Carbon Monoxide and Human Lethality: Fire and Non-Fire by M.M. Hirschler

By M.M. Hirschler

This e-book summarizes a entire examine of the significance of carbon monoxide [CO] in hearth atmospheres. it will likely be correct to associations enthusiastic about fireplace examine, to industries generating flamable fabrics and to these excited by hearth from security and clinical standpoints.

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Additional info for Carbon Monoxide and Human Lethality: Fire and Non-Fire Studies

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34 The contribution of inhaled soots and adsorbed materials or of irritating gases, such as a aldehydes or hydrochloric acid, was not known. Heavy concentrations of inorganic metals (lead, antimony, and others) and adsorbed pulmonary irritants were observed in the soots that were deposited throughout the trachea and lung tissues. Acetaldehyde was also recovered from lung specimens Carbon monoxide and human lethality 38 FIGURE 14. Medical causes leading to fire fatalities. 76 of fire victims. The contributions of the soots and adsorbed materials to breathing difficulties (such as lung edema) are likely to be considerable, but their specific contributions to fatalities were not clear.

In both cases, at the end of exposure the same level of blood carboxyhemoglobin (about 50%) was reached. The biochemical determinations in the blood (pH, glucose, lactate, pyruvate) and brain tissue (lactate, pyruvate) were carried out immediately after termination of the exposure and after periods of recovery. CO exposure resulted in a decreased blood pH, increased level of blood glucose, as well as that of lactate and pyruvate both in blood and brain tissue. These changes were much more pronounced following the “longer-lesser” exposure than after the “shorter-intense” one, although blood concentrations of COHb were the same.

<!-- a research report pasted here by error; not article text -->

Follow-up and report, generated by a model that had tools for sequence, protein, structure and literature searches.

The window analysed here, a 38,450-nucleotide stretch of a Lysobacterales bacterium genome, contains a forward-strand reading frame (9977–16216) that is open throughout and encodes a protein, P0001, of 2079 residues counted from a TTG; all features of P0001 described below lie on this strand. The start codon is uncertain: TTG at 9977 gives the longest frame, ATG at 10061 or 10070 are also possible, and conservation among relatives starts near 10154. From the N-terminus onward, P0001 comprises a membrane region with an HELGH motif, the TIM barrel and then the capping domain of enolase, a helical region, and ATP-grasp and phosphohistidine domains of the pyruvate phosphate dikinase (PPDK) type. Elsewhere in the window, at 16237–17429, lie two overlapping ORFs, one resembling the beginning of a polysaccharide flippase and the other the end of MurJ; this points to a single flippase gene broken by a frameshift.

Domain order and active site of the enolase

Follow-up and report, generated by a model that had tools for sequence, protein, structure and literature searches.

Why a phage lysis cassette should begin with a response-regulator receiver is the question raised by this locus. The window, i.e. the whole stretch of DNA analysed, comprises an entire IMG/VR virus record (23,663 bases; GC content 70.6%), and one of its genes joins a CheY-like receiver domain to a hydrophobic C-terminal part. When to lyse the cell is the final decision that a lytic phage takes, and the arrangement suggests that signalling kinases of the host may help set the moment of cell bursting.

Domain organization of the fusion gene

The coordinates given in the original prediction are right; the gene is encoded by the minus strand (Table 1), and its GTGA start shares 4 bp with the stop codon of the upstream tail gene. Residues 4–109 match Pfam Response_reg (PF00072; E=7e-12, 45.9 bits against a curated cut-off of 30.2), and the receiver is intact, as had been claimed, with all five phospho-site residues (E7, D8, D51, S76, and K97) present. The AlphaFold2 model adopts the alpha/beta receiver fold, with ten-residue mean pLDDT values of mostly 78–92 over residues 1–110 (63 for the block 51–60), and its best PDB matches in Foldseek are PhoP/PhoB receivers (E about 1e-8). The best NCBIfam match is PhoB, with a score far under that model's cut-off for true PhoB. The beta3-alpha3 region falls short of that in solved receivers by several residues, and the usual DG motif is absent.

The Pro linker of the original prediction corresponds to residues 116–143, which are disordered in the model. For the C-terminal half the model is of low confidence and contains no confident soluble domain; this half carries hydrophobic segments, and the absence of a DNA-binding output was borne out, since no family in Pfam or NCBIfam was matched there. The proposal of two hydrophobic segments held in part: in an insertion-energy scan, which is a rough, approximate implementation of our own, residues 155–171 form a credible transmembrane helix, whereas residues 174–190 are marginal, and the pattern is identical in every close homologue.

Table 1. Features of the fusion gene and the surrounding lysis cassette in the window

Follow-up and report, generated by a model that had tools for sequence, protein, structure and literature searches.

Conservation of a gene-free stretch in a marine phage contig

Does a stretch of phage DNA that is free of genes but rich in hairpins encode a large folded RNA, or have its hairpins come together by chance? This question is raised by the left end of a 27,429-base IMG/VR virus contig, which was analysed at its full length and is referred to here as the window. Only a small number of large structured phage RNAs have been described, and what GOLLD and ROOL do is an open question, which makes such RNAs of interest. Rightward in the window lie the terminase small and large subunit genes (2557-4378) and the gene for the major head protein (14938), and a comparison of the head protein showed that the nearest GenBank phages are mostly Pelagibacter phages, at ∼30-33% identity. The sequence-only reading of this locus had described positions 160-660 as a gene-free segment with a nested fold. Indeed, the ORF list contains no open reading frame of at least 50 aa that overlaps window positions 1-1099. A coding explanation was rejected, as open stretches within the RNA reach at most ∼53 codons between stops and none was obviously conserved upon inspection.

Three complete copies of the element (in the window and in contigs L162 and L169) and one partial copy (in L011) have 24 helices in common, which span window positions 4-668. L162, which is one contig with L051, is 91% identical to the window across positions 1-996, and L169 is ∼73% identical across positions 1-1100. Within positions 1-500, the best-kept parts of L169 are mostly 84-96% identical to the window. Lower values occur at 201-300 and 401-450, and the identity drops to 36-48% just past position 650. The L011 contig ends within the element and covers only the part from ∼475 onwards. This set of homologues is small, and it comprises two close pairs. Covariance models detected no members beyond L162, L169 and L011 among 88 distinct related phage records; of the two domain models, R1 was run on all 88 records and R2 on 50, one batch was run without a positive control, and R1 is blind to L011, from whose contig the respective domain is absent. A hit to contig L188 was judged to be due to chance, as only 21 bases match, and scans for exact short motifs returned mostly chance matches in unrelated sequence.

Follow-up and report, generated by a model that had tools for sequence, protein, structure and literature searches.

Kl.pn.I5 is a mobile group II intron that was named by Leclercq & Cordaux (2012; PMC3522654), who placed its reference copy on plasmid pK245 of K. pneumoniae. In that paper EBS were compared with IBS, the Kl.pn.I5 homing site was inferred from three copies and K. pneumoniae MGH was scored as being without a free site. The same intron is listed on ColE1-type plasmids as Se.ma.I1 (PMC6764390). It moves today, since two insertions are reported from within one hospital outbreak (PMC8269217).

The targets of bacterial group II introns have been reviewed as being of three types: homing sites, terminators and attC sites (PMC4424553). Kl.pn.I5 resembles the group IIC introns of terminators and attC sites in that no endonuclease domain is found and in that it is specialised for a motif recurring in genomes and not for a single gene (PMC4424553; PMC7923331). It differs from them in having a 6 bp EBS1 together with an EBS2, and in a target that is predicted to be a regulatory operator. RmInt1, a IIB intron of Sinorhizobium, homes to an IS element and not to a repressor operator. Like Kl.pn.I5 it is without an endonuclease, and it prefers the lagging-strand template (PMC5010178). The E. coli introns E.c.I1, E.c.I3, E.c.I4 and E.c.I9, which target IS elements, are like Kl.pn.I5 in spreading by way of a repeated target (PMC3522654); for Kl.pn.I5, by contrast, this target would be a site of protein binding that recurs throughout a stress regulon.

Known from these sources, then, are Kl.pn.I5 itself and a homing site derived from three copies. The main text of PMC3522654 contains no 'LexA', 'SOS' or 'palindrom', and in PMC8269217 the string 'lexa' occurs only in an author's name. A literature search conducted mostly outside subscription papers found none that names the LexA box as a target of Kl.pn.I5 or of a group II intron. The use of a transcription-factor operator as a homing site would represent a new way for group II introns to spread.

The uppermost curve (IV) represents the approximate threshold at which rapidly fatal systemic hyperthermia occurred. 87 The most constant postmortem finding in animals that died of hyperthermic shock within thirty minutes of the exposure was the presence of hemorrhages throughout the internal viscera. 87 It is interesting to note that pigs showed little pulmonary edema even on exposure to very hot gases. 5°C or higher. No pig whose rectal temperature rose above 44°C survived more than a few minutes.

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